Previewed 19 February 2004, Opened 3 March 2004, Closed 3 April 2004 at the Duke of York's Theatre in London
A major production of Michael Hastings' play Calico in London starring Imelda Staunton, Dermot Crowley and Romola Garai
An unusual love story: 1928... The Paris apartment of James Joyce and his family... A world of secret lives and secret dreams.... A young student named Samuel Beckett arrives and an unusual love begins. Calico is a fictional story inspired by fact. It is a captivating and exuberant play about a family in crisis. Scrupulously researched, Calico mixes sadness and great compassion to explore love almost to the brink of insanity and featuring an original score performed live.
The cast for Calico in London features Dermot Crowley as 'James Joyce', Imelda Staunton as his wife 'Nora', and Romola Garai as his daughter 'Lucia' with Jamie Beamish as 'Giorgio Joyce', Robert Portal as 'Thomas MacGreevy', Issy Van Randwyck as 'Helen', and Daniel Weyman as 'Samuel Beckett'.
Directed by Edward Hall, with designs by Francis O'Connor, lighting by Ben Ormerod, sound by Matt McKenzie, and music by Mick Sands.
Please Note that this play contains strong language and therefore is not suitable for children under 14.
"Michael Hastings' play tries to rescue Joyce's daughter from historical oblivion. In this he's hugely helped by Romola Garai, whose brilliant performance as Lucia provides heartbreak as well as some of the funniest filth you'll hear on the London stage. There's good work too from Imelda Staunton as Joyce's wife Nora, a po-faced former Dublin tart. Dermot Crowley plays the old pervert Joyce, and Daniel Weyman is a whippet-thin Beckett. The trouble with Calico is that it doesn't know whether to be an accusatory documentary or a domestic Irish farce. Despite some fine acting, it leaves you blowing hot and cold." The Daily Express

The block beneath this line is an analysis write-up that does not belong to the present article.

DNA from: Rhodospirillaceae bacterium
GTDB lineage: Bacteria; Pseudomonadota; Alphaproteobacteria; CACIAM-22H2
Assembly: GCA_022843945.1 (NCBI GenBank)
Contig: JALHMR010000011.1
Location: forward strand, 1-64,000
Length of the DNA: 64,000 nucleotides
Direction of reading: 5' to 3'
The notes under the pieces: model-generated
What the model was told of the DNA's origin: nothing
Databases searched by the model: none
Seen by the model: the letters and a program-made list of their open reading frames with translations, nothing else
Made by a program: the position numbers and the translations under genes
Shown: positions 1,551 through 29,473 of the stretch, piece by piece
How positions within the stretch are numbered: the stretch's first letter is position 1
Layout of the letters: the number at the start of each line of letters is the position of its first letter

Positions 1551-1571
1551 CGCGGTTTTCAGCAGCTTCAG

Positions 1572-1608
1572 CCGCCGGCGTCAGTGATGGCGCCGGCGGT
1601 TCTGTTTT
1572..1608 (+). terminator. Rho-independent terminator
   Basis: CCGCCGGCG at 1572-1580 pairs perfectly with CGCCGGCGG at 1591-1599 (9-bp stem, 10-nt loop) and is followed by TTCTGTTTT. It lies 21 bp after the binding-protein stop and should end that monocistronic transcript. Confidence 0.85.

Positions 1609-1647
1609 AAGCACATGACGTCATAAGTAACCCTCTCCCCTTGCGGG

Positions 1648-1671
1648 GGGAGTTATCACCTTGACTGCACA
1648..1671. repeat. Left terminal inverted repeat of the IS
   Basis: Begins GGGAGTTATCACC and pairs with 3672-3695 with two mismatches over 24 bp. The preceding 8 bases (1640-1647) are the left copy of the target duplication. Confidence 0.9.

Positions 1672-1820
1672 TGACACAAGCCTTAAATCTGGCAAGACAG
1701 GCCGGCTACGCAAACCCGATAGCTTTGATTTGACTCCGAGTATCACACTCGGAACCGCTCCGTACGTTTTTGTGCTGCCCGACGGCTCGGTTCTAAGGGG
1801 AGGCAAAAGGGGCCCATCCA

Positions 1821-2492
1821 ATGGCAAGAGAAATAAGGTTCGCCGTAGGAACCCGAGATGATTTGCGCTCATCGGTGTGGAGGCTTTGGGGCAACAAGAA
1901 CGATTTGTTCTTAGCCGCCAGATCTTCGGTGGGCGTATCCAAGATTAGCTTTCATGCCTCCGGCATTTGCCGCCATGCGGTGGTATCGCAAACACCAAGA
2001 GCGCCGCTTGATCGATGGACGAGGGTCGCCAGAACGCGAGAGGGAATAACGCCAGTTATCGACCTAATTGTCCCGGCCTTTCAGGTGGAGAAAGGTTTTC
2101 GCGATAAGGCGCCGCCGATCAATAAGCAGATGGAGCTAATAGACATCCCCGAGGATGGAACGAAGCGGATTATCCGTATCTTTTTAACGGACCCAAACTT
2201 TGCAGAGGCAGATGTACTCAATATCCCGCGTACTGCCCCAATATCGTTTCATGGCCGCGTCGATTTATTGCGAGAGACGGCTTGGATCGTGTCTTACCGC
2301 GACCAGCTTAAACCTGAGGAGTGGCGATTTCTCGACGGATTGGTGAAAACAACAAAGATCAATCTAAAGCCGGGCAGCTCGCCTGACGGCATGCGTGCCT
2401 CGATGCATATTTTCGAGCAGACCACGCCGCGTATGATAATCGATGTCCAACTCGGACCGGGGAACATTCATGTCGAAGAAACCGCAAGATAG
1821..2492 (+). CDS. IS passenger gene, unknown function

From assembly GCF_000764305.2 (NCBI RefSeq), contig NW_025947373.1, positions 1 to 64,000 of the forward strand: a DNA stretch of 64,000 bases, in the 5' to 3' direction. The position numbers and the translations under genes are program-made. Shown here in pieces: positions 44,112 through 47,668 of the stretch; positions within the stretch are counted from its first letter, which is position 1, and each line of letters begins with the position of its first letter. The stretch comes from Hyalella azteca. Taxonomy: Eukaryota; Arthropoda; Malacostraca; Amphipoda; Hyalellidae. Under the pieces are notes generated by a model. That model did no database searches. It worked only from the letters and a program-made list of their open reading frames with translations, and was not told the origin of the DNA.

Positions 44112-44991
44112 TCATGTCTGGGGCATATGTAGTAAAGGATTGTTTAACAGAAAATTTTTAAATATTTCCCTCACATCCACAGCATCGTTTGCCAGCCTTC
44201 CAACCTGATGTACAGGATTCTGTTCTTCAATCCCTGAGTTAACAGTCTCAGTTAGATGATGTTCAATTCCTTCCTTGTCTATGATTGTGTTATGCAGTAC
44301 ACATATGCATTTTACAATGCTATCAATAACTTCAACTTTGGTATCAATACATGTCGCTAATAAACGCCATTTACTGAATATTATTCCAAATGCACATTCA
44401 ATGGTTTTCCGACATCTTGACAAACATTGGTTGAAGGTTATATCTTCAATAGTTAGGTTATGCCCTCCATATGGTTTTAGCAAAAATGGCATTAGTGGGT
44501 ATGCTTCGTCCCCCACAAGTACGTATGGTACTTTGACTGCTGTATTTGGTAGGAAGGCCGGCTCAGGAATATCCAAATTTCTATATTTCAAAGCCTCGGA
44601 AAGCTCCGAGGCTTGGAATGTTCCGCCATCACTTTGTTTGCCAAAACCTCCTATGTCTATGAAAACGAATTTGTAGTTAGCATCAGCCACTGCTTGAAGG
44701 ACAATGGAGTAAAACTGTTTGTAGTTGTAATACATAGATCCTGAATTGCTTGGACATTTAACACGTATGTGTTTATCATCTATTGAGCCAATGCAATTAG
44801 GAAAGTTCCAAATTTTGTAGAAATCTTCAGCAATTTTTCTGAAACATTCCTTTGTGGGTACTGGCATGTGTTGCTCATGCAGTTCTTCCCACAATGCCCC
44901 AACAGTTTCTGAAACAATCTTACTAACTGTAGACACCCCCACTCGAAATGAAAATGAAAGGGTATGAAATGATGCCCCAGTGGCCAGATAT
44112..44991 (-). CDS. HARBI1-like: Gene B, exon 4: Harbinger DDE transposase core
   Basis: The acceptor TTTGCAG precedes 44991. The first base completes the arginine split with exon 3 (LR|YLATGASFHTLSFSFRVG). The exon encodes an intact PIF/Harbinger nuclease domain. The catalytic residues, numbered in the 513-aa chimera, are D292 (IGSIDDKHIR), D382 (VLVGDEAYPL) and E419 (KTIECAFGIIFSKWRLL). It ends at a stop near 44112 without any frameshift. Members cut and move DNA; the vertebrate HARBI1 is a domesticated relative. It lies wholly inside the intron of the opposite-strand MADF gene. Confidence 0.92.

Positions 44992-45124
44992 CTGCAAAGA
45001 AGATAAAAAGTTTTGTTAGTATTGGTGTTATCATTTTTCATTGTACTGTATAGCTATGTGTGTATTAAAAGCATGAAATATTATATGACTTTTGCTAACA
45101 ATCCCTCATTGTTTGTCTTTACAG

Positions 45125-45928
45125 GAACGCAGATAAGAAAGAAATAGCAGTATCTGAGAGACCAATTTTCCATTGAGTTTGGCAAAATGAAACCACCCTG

"Michael Hastings takes up the story in Paris in 1928, and concentrates mainly on the plight of Joyce's gifted but unstable daughter Lucia... Hastings' writing is lively enough, but it is also frequently jokey and superficial. Almost everyone - not only Joyce - emerges from the play looking diminished, in the sense that you can't help feeling that in real life they must have been a good deal more formidable. Edward Hall's production is busy and energetic. Much of the time Dermot Crowley as Joyce simply has to stand around looking pained, but he establishes a strong presence none the less. Imelda Staunton gives a feisty performance as his wife, the famous Nora. Romola Garai invests Lucia with a glamour which I'm not sure she had in reality, but fails to convey much of the poignancy which she undoubtedly did." The Sunday Telegraph
"In his new play, Calico, Michael Hastings... speculates on a putative relationship between James Joyce's 21-year-old daughter Lucia and the then penniless tutor Samuel Beckett, who was working as her father's secretary. Going on one of very few facts available - that Lucia spent 45 years in a mental asylum - the play suggests her life was blighted by her dysfunctional family and bizarre upbringing... Ed Hall's elegant, almost over-slick production peddles an unlikely story that adds nothing we can trust to the personalities whose works are so familiar. Indeed, this play diminishes them, which isn't fair, either. Despite a striking stage debut by Romola Garai as the galumphing Lucia in the grip of painful delusions, nothing can disguise the play's fundamental flaw: it is high-class claptrap masquerading as something meaningful. A sad and frustrating waste of time for all the talented people involved." The Mail on Sunday
Calico in London at the Duke of York's Theatre previewed from 19 February 2004, opened on 3 March 2004, and closed on 3 April 2004.